ECN-3120: Growth and Fluctuations (3 credits)

Description

This course examines the models developed in macroeconomic theory I and II, more formally and deeper. This allows the rigorous analysis of the movements of macroeconomic aggregates and the effects of fiscal and monetary policy for closed and open economies. In addition, it examines some recent controversies such as public debt, the effectiveness of government policy, the intertemporal inconsistency of optimal policy and the existence of multiple equilibria.

ECN-3130: Information Economy and contracts (3 credits)

Description

Economic analysis of contract formation mechanisms of imperfect information situation. Incentives determinants. Applications to supply contracts, auctions, franchises, etc.

ECN-3140: Experimental Economics (3 credits)

Description

This course provides an introduction to experimental methodology which consists in the economy recovery, mainly in the laboratory, a simplified economic context as all the relevant variables in this context are controlled by the experimenter. It allows among others to validate economic theories to find regularities in the behavior of economic agents and to guide the development of new theories.

ECN-3150: Natural Resource Economics (3 credits)

Description

Economic Theory of renewable and non-renewable natural resources applicable to water, forest and mining. Taxation, regulation, production.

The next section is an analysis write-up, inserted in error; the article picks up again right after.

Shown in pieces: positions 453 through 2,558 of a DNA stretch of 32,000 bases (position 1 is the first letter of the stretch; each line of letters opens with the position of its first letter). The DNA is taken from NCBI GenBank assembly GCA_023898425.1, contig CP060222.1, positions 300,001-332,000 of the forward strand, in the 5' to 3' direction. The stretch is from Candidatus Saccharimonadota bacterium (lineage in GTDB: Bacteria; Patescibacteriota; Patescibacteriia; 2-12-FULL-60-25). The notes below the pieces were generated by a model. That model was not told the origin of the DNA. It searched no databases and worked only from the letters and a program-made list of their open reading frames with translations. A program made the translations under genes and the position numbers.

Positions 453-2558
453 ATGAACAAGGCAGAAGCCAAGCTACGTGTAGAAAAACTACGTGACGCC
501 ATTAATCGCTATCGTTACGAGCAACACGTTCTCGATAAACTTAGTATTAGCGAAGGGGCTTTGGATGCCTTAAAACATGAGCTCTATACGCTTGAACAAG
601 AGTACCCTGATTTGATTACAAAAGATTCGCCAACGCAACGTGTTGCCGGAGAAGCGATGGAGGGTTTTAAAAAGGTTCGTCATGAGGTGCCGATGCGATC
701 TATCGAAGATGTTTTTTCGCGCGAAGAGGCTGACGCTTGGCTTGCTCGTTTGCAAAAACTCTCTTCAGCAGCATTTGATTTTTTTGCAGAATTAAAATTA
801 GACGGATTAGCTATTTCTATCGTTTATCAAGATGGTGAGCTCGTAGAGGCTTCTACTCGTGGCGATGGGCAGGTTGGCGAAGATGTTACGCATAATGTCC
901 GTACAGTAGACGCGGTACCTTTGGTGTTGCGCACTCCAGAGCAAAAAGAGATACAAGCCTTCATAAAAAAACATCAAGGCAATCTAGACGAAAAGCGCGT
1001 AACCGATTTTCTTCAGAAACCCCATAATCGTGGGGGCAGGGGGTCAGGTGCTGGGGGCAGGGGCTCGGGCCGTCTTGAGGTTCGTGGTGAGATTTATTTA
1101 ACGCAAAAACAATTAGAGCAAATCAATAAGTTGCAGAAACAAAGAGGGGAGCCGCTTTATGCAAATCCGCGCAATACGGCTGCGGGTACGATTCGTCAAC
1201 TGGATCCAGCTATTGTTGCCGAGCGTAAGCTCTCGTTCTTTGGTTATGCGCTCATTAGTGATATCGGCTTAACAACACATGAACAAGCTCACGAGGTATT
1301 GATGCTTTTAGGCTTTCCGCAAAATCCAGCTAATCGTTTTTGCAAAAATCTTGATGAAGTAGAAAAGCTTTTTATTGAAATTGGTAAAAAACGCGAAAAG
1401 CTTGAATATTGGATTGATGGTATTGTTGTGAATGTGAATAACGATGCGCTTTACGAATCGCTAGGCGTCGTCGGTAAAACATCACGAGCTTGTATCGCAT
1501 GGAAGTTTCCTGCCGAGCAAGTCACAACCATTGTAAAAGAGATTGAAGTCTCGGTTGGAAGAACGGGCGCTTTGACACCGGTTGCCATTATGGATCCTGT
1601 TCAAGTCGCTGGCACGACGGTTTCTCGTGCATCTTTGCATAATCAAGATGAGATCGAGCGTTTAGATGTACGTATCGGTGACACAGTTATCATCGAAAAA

ECN-3160: Applied Econometrics (3 credits)

Description

This course aims to empower students in the practice of econometrics. The course analyzes several areas where economics econometrics is used. For each area, changes in the classical linear regression model are made to account for the characteristics of each problem and of modeling the data generation process. The course also discusses different approaches to use to format a database for estimation purposes.

ECN-3170: Advanced Microeconomics (3 credits)

Description

The course aims to familiarize students with the modern techniques of microeconomic modeling the study of classical problems, especially related to decision theory, the core concepts and the Shapley value and haggling to Nash. The course is for students who wish to develop technical skills to read and analyze the mathematical economics literature.

ECN-4100: Econometrics (3 credits)

Description

Multiple regression matrix writing emphasizing the model assumptions. Special problems of multicollinearity, non-spherical errors and autocorrelation. Generalized method of least squares, the use of instrumental variables, the lag model and the identification problem in the simultaneous equation models.